Monthly Archives: December 2012

Barbara Walters Chooses ‘Honey Boo Boo:’ Say it Ain’t So, Barbara!

FATLASH! Food Police & the Fear of Thin

I finally did it.  I watched the segment of the Barbara Walters Special  in which she features Honey Boo Boo and her family.  Walters named Alana Thompson one of the “Ten Most Fascinating People of 2012.” 

Ms. Walters chose not to interview the family directly but presented previously seen clips.  Apparently, she took a lot of heat for her choice which also helped to publicize her special before it aired.  Intentionally or not, Alana was used to sell Walters’ program just as she has continued to be used by her mother and  her family to garner money, recognition and fame.

What is most curious, is that the most “fascinating” questions as to why Honey Boo Boo has been so fascinating in 2012, were never asked, questions like:

  • Why do people watch this show and why were its ratings higher in some markets, than the national political conventions?
  • Fifteen years after the JonBenet Ramsey case, why is there a show called “Toddlers and Tiaras” and why is it more popular than ever?
  • Why do parents keep putting their kids in beauty pageants?

As in the case of many television programs, initially people tune in for a little escape and perhaps some curiosity.  Many can’t believe a show like this is even on TV.  But if they become a regular watcher, they may be getting seduced in somewhat the same way as the participants and the parents.  The voyeuristic quality of this whole endeavor feeds on itself.  (yet another not-so-inadvertant food pun.) 

Hollywood has never had good boundaries when it comes to child stars.  The long list of children who hit adolescence just in time for an adult meltdown, is legendary in Hollywood.  From Michael Jackson, to Lindsay Lohan, show biz has rarely had positive long-term effects on kids. 

One has to wonder who is leading whom. Does the media lead the culture or is it creating it?  In this case,  individual citizens must begin to  educate and lead the media by refusing to watch a spectacle in which children are being robbed of their childhoods before our very eyes.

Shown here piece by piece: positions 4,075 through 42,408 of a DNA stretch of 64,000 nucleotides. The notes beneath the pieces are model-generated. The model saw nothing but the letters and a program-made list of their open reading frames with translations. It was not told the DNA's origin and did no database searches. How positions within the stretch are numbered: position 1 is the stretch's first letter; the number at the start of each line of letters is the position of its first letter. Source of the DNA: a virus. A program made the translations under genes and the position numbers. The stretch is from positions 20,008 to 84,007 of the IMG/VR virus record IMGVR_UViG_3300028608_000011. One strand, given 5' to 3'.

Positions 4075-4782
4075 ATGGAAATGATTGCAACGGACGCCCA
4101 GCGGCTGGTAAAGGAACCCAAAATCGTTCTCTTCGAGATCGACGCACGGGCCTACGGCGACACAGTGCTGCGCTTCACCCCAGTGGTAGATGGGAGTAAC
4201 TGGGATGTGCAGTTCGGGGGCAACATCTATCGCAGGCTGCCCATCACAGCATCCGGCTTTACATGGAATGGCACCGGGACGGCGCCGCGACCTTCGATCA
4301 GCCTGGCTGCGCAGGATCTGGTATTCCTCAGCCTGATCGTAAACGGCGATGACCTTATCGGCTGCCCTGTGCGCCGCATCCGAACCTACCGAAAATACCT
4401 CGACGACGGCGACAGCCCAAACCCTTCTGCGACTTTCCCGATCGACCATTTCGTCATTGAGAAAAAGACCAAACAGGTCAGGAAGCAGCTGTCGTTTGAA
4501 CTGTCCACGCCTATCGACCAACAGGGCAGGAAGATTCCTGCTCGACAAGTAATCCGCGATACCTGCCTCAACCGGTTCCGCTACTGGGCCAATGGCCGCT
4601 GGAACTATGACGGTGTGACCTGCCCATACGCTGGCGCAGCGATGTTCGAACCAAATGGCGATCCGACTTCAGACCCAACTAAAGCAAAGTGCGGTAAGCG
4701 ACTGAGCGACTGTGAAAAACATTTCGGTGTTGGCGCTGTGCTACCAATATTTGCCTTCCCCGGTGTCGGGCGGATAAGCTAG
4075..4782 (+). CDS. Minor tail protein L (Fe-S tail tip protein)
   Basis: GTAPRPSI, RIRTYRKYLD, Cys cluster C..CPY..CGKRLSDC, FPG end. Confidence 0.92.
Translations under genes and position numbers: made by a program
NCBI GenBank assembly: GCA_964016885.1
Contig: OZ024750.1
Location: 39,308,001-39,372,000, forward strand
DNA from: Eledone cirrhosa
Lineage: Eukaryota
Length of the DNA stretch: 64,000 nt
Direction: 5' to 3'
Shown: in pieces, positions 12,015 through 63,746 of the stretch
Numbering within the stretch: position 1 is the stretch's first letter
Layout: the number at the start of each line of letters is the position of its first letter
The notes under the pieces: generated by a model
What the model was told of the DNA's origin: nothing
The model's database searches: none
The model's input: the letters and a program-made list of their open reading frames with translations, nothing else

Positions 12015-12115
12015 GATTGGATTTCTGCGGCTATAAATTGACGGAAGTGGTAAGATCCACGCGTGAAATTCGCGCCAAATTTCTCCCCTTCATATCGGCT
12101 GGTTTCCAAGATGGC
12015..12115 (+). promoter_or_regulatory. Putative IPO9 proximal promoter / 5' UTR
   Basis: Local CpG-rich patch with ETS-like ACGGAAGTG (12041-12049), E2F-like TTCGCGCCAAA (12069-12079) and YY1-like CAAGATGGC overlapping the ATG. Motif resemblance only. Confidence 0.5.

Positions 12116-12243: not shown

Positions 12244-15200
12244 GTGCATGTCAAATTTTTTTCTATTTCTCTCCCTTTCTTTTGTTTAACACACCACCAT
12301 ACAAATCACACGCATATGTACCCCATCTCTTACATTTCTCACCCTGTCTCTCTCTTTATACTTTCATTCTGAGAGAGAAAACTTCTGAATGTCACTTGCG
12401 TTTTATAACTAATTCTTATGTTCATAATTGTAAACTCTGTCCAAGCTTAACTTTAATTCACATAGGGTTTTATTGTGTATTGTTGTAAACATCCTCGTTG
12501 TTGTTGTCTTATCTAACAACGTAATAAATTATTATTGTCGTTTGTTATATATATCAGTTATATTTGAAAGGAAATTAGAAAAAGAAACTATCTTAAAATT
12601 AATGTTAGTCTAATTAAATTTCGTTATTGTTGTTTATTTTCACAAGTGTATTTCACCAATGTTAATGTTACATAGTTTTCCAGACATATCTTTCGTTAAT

Apparently, Barbara Walters was seduced too.  It’s unfortunate that she didn’t use the opportunity to shed real light on Princess by Proxy Syndrome and the damaging consequences that await a whole new generation of little girls.

Diets and Display: What’s the Connection?

Fatlash! Food Police and the Fear of Thin by Karen KatalineChild beauty pageants and issues about food and weight seem to go together like pizza and beer, peanut butter and jelly, lettuce and tomato.  –But why?  In the case of “Honey Boo Boo,” we see a child who is a bit chubby, with a food-obsessed family and an overweight mother. I was a bit chubby too, but had a thin-obsessed mother who wanted desperately for me to be as thin as she had been when she was put on the stage by her mother.In both cases however, weight and diets figure prominently and usually do in families who put their children on display. What’s the connection?  In most people’s lives, food is about much more than sustenence.  It’s about control, it’s about nurturing, and it’s about boundaries.  When food is the instrument that expresses a dysfunctional family, it also becomes the tool that expresses separation from that dysfunction.Whether Honey decides to assert her independence by becoming diet-conscious, or whether she becomes just as heavy as her mother, these issues have been thrust upon her by a family that is feeding off her appearance and cuteness. Can Honey ever truly be an independent person as she grows older?  Time will tell. In the meantime, pass the pork rinds, but for heaven’s sake, not too many.

Figures Can Lie, Liars can Figure, but Who’s Defining my Figure?

Normal isn’t normal anymore.

According to “thirty-five million Americans went to sleep one night in 1998 at a government-approved weight and woke up “overweight” the next morning, thanks to a change in the government’s definition. That group includes currently “overweight” celebrities like Will Smith and Pierce Brosnan, as well as NBA stars Kobe Bryant and LeBron James.”   “Overweight” had previously been defined as a BMI of 27.8 for men and 27.3 for women; in 1998 it was lowered to a BMI of 25 for both genders.”

Why is it so important to stir the pot of obesity hysteria and label more Americans fat?  Could it be that it makes us flabbier and more tolerant of food regulation and food controls?  It’s a losing vicious circle, (and not in a good way) as more control and admonishment leads to more real obesity and more FATLASH.

Obesity Myths also reports that many of the biggest food cops who regulate and litigate are funded by the weight loss industry.  Check out this site:  It may explode a few myths you’ve been feeding too!

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